TUH provides national and tertiary services to patients from all over the island of Ireland. However, it is the Hospital’s immediate catchment area’s unique demographic profile that has the greatest impact on hospital services. In 1972 the Dublin County Development Plan saw Tallaght earmarked as a new town aimed at easing city congestion. This resulted in an influx of young families who are now aging collectively, leading to a predicted population growth of 322% in those aged over 75 by 2036. This is in stark contrast to the anticipated national growth of 105%. Some of the highest rates of growth are also in areas of high relative deprivation with a high incidence of chronic disease and a relatively poor primary care infrastructure. 

Older people are higher consumers of health services, so these demographic changes will increase demand for these services. In addition, the 2016 Census indicates a population of almost 644,000 people in the three main areas served by the Hospital – South Dublin, Kildare and West Wicklow. This is an increase of over 31,500 in the last five years. Notably, Saggart and Rathcoole were the fastest and 2nd fastest growing urban settlements in the country.

With the planned construction of additional private and social housing schemes in the surrounding areas, this population growth will accelerate further. TUH was originally designed as a 650 bedded hospital but due to budgetary constraints at the time 120 beds were cut from the final build. Since opening, the Hospital has experienced ever-increasing demand for its services without a commensurate increase in capacity. 

The Hospital’s forecasts suggest the average bed gap will reach 125 over the next five years. This presents a host of quality of care consequences most notably unacceptably long emergency and elective wait times. The Hospital urgently needs to develop both capacity and new ways of working in order to meet increased and more complex demands. Fortunately, unlike many other hospitals, TUH is not constrained on its 33 acres campus and is able to expand both horizontally and vertically as well as offsite becoming a “Hospital without Walls”.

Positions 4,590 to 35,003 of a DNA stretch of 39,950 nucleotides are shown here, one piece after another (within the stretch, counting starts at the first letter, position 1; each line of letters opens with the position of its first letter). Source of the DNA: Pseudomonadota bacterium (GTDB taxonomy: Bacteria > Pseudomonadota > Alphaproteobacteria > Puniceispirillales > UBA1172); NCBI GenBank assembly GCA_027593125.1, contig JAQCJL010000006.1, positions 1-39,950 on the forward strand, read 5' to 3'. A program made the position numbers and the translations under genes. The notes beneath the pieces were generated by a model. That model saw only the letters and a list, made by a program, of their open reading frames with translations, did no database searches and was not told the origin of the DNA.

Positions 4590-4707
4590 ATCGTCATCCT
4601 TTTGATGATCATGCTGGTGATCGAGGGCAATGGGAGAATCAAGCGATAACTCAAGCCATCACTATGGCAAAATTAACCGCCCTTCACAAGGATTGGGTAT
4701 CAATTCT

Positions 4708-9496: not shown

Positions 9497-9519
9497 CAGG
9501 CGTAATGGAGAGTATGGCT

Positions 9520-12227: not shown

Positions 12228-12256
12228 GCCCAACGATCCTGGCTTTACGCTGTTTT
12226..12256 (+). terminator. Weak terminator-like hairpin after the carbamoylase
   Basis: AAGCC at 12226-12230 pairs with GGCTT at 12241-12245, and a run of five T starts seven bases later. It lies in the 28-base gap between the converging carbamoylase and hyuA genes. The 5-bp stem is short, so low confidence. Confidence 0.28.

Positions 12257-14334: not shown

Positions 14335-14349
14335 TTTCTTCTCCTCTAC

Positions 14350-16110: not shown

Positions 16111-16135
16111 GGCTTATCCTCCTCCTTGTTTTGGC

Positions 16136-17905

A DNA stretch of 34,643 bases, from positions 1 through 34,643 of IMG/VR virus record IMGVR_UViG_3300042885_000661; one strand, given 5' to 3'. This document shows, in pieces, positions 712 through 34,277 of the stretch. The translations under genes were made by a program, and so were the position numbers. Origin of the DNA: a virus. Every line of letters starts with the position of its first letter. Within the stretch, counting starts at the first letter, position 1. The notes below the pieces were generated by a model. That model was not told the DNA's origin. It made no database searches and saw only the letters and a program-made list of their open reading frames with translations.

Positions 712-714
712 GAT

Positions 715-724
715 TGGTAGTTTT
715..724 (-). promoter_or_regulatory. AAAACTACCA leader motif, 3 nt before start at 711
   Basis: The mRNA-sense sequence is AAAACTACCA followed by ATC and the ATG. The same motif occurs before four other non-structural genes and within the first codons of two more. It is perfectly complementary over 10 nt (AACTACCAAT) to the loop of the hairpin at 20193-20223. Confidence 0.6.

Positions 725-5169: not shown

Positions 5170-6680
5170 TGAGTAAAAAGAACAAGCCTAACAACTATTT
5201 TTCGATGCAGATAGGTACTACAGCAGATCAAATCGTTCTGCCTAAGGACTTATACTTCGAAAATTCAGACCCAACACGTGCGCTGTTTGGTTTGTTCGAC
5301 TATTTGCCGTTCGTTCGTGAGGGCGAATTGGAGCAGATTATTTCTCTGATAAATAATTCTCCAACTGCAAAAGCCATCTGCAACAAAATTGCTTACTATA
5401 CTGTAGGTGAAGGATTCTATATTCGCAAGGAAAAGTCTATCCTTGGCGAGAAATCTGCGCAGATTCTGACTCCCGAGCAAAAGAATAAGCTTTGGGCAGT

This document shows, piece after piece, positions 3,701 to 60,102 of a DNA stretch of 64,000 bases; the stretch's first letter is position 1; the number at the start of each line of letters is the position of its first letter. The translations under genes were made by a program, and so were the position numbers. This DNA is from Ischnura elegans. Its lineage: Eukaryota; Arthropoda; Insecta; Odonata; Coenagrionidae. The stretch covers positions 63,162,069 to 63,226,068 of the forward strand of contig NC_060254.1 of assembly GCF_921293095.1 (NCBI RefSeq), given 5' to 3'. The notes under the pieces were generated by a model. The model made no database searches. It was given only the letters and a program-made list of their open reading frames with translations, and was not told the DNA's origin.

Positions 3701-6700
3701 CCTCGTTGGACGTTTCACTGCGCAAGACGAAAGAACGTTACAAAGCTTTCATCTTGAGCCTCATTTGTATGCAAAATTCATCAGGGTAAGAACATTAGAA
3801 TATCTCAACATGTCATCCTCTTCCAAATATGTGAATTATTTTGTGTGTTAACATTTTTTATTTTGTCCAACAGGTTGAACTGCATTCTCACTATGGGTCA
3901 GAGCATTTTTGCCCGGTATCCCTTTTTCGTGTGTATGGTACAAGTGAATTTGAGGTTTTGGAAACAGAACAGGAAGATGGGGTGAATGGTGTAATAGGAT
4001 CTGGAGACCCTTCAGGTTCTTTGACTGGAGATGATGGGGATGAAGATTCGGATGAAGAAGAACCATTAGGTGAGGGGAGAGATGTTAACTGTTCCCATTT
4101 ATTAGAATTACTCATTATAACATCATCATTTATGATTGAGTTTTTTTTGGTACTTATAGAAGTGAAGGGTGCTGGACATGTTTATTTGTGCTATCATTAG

The name of the new Centre is an acknowledgement of the Hospitals history, the Alice Reeves Dayward in TUH has traditionally been the location for day surgery. With the move the surgical team decided to bring some of that heritage with them to the new building whilst also acknowledging the International Year of the Nurse & Midwife. Alice Reeves, began her career in the Adelaide Hospital, first as a Staff Nurse and then as a Ward Sister. She was subsequently appointed Matron to Dr. Steeven’s Hospital in 1918 and played a major part in establishing the General Nursing Council, which later became known as An Bord Altranais. 

About Tallaght University Hospital
TUH is one of Ireland’s largest acute teaching hospitals, adult, psychiatric and age-related healthcare on one site. With over 3,000 staff, the Hospital is a provider of local, regional and national specialties. It is also a national urology centre, the second largest provider of dialysis services in the country and a regional orthopaedic trauma centre. The Hospital also has 67 paediatric beds under the governance of Children’s Health Ireland and 52 mental health beds under HSE governance. 

TUH is one of the two main teaching hospitals of Trinity College Dublin - specialising in the training and professional development of staff in areas such as nursing, health and social care professionals, emergency medicine and surgery, amongst many others. TUH is part of the Dublin Midlands Hospital Group which serves a population of over 1.2 million across seven counties.

The Hospital’s Emergency Department catered for 52,398 Attendances in 2019. A further 251,455 patients were treated through the Hospital’s Adult outpatient clinics in 2019. The Hospital’s operations are supported by 200 general practitioners in surrounding communities and aligned with CHO7.

Tallaght University Hospital Foundation is committed to investing in TUH and promoting quality care and wellness throughout the community. If you would like to support the work of the Foundation please go to www.tuhf.ie or contact Kelly Crowley, Head of Development for TUHF on kcrowley@tuhf.ie